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Journal of Advances in Microbiology

Journal of Advances in Microbiology, 2456-7116,Vol.: 5, Issue.: 3


Molecular Epidemiology of Vibrio cholerae Recovered from Sewage Drains, Captured Fish and Humans in 2015/16 Cholera Outbreak in Zanzibar, Tanzania


A. R. Rabia1*, P. N. Wambura2, G. Misinzo2, S. I. Kimera3, R. H. Mdegela3, A. Mzula2 and F. A. Khamis4

1Department of Natural Sciences, School of Social and Natural Sciences, State University of Zanzibar, P.O.Box 146, Zanzibar, Tanzania.

2Department of Microbiology, Parasitology and Biotechnology, College of Veterinary Medicine and Biomedical Sciences, Sokoine University of Agriculture, P.O.Box 3019, Morogoro, Tanzania.

3Department of Veterinary Medicine and Public Health, College of Veterinary Medicine and Biomedical Sciences, Sokoine University of Agriculture, P.O.Box 3021, Morogoro, Tanzania. 

4Mnazimmoja Hospital, Ministry of Health and Social Affairs, P.O.Box 672, Zanzibar, Tanzania.


Article Information
(1) Ana Claudia Correia Coelho, Department of Veterinary Sciences, University of Trás-os-Montes and Alto Douro, Portugal.
(1) S. Thenmozhi, Periyar University, India.
(2) Wouter Le Roux, Council for Scientific and Industrial Research (CSIR), South Africa.
(3) Nain Taara, Uniersity of Karahi, Pakistan.
Complete Peer review History: http://www.sciencedomain.org/review-history/20930




Aims: Zanzibar shares global burden of cholera epidemic suffering annual outbreaks with case fatality rates (CFR) of 1.8%. This study aimed at determining the transmission chain of the outbreak through marine fish by molecular characterization of Vibrio cholerae isolates.

Study Design: Cross sectional design was used to collect samples from fish, sewage sites and stool from clinical cases.

Place and Duration of Study: The study was carried out in Zanzibar municipality between November 2015 and May 2016.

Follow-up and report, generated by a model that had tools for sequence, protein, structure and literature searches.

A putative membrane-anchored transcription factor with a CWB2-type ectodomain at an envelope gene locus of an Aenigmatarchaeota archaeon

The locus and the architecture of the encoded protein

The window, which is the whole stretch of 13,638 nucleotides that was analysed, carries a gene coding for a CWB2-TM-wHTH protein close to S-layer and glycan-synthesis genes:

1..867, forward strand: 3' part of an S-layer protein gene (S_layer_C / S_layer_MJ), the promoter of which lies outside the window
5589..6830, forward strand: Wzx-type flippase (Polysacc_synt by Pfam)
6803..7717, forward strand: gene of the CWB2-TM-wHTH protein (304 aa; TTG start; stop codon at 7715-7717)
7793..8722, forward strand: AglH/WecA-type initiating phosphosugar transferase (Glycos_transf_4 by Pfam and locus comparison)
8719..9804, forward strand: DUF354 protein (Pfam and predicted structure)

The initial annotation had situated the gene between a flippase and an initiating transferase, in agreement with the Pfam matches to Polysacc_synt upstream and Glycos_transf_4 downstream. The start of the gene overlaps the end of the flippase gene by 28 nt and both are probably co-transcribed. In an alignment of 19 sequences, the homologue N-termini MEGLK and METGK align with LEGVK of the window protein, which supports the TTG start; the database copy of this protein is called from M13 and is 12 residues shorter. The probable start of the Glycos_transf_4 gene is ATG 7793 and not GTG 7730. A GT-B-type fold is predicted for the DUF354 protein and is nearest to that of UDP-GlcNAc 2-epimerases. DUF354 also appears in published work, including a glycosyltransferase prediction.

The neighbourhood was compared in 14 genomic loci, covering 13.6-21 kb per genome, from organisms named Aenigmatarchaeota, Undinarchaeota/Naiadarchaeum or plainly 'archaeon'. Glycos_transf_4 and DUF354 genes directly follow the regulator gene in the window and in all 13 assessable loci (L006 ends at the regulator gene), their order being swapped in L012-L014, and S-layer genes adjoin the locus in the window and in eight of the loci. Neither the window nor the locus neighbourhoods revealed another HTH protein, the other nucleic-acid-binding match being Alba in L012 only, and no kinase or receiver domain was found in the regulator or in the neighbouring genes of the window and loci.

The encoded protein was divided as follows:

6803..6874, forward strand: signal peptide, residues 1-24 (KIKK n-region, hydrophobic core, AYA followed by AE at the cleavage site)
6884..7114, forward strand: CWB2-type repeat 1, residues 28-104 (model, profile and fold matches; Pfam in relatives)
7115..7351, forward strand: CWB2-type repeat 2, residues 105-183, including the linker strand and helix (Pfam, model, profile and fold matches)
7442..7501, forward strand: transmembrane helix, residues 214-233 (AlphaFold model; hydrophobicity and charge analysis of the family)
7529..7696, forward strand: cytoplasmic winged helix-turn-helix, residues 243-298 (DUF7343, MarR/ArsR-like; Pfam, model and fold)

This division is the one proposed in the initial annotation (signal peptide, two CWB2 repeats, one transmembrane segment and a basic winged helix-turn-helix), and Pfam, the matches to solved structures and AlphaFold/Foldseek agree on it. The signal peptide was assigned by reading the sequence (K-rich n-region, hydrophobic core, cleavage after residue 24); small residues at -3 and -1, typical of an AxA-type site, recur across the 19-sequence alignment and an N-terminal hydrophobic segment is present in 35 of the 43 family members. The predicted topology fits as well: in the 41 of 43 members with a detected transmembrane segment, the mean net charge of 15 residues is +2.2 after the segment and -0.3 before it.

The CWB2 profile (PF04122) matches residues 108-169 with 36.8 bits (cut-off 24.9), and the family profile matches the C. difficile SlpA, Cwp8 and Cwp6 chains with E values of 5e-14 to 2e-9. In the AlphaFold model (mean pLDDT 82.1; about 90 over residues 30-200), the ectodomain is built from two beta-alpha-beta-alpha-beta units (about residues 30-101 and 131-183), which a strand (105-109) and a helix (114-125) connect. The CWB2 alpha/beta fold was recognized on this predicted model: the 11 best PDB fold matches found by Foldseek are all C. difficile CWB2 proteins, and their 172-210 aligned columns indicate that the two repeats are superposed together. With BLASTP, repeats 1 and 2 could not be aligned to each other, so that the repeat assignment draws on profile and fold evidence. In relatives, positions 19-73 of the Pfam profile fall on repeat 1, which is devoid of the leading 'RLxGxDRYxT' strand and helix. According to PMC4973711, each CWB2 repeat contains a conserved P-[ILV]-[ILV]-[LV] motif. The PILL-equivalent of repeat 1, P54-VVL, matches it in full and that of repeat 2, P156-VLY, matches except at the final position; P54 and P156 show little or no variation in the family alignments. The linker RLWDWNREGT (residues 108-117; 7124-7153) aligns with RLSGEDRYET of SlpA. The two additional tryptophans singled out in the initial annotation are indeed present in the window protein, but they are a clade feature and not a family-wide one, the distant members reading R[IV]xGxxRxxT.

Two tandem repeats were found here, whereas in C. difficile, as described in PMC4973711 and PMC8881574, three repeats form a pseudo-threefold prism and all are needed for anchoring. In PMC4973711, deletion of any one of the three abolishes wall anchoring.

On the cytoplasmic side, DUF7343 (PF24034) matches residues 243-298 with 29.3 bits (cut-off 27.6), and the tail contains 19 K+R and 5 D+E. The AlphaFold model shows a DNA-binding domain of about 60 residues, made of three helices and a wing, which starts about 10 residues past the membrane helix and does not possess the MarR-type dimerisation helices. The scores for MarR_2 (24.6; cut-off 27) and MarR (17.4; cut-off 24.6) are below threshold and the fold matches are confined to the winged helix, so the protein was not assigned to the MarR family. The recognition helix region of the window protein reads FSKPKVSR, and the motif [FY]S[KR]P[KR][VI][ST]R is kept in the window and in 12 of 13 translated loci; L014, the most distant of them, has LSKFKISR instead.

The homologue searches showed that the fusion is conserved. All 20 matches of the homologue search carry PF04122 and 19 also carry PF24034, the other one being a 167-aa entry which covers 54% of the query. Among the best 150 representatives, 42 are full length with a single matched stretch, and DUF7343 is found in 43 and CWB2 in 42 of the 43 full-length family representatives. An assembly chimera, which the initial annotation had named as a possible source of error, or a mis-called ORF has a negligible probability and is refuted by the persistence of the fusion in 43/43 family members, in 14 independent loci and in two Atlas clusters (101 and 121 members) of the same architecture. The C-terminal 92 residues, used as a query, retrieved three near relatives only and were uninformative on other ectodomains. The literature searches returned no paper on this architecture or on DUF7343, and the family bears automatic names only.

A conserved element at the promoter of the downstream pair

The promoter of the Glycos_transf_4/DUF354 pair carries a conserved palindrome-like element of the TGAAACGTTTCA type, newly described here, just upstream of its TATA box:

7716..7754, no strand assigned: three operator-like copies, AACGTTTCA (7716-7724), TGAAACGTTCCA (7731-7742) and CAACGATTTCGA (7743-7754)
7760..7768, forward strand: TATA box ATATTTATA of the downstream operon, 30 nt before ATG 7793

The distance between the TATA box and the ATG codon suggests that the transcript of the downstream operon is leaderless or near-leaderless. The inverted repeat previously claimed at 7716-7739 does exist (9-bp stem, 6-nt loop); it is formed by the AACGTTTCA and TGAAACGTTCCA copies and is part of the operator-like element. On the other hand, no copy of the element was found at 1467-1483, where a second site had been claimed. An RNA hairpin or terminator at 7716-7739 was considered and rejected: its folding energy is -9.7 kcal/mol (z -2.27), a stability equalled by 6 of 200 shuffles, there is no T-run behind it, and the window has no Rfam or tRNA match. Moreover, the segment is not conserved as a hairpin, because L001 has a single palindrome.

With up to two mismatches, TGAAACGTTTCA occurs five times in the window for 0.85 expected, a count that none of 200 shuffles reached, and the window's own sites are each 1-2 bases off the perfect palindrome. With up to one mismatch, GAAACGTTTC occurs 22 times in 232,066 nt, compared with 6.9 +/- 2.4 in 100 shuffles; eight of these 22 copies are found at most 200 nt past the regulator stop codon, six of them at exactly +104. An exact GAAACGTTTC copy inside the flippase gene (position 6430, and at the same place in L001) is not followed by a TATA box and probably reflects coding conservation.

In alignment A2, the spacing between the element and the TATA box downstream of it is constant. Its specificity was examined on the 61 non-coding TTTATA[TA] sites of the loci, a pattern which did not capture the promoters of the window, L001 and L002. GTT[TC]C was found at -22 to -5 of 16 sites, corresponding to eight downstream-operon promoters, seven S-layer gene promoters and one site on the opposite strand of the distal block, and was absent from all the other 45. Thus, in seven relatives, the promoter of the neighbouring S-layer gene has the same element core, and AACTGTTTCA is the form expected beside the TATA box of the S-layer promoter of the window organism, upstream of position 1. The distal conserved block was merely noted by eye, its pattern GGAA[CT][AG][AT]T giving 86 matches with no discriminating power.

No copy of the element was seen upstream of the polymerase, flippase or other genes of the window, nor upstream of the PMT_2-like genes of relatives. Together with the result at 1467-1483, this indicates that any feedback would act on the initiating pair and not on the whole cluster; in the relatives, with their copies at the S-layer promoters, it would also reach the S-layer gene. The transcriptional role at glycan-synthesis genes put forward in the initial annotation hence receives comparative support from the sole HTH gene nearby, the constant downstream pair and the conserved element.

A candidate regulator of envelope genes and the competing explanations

Methodology: Epidemiological data on the outbreak was provided by the Ministry of Health and Social Affairs, Zanzibar. Sixty samples from fish intestines, 23 samples from sewage drains and 38 human stools were investigated. Vibrio cholerae was identified biochemically and serology was done using Polyvalent, Inaba, Ogawa and O139 antisera. Kirby-Bauer disc diffusion was used for antibiotic sensitivity against seven antibiotics. DNA was extracted and PCR performed using ctxB forward and reverse ctxB primers. Gene sequences were interpreted by Mega 7.0 software.

Results: Thirty stool samples (79%), 9 fish samples (15%) and 6 sewage samples (26%) were positive for Vibrio cholerae. All isolates were identified: serogroup O1, biotype El Tor and serotype Ogawa. Age category 16-30 yrs old had highest number of cases (37.6%). Case fatality rate (CFR) was 1.8%, more mortalities were in males and >5yrs old. None of the isolates was resistant to ciprofloxacin. High resistance was against nalidixic acid, erythromycin, co-trimaxozole, ampicillin and tetracycline. Multidrug resistance was observed in 40% of isolates. CtxB gene sequencing revealed that the current Vibrio cholerae strain was homologous to Haiti 2013-2015 and China 2016 strains, but distinct from Zanzibar 2013 strain.

Conclusion: Fish could be the source of Vibrio cholerae transmission in Zanzibar. Presence of rapidly emerging endemic reservoir of Vibrio cholerae in Zanzibar environment was suspected favouring horizontal gene transfer with resultant novel strains. High drug resistance and multidrug resistance are matters of public health concern.


Keywords :

Fish; sewage drains; Vibrio cholera; ctxB gene; Zanzibar.


Full Article - PDF    Page 1-11    Article Metrics


DOI : 10.9734/JAMB/2017/36036

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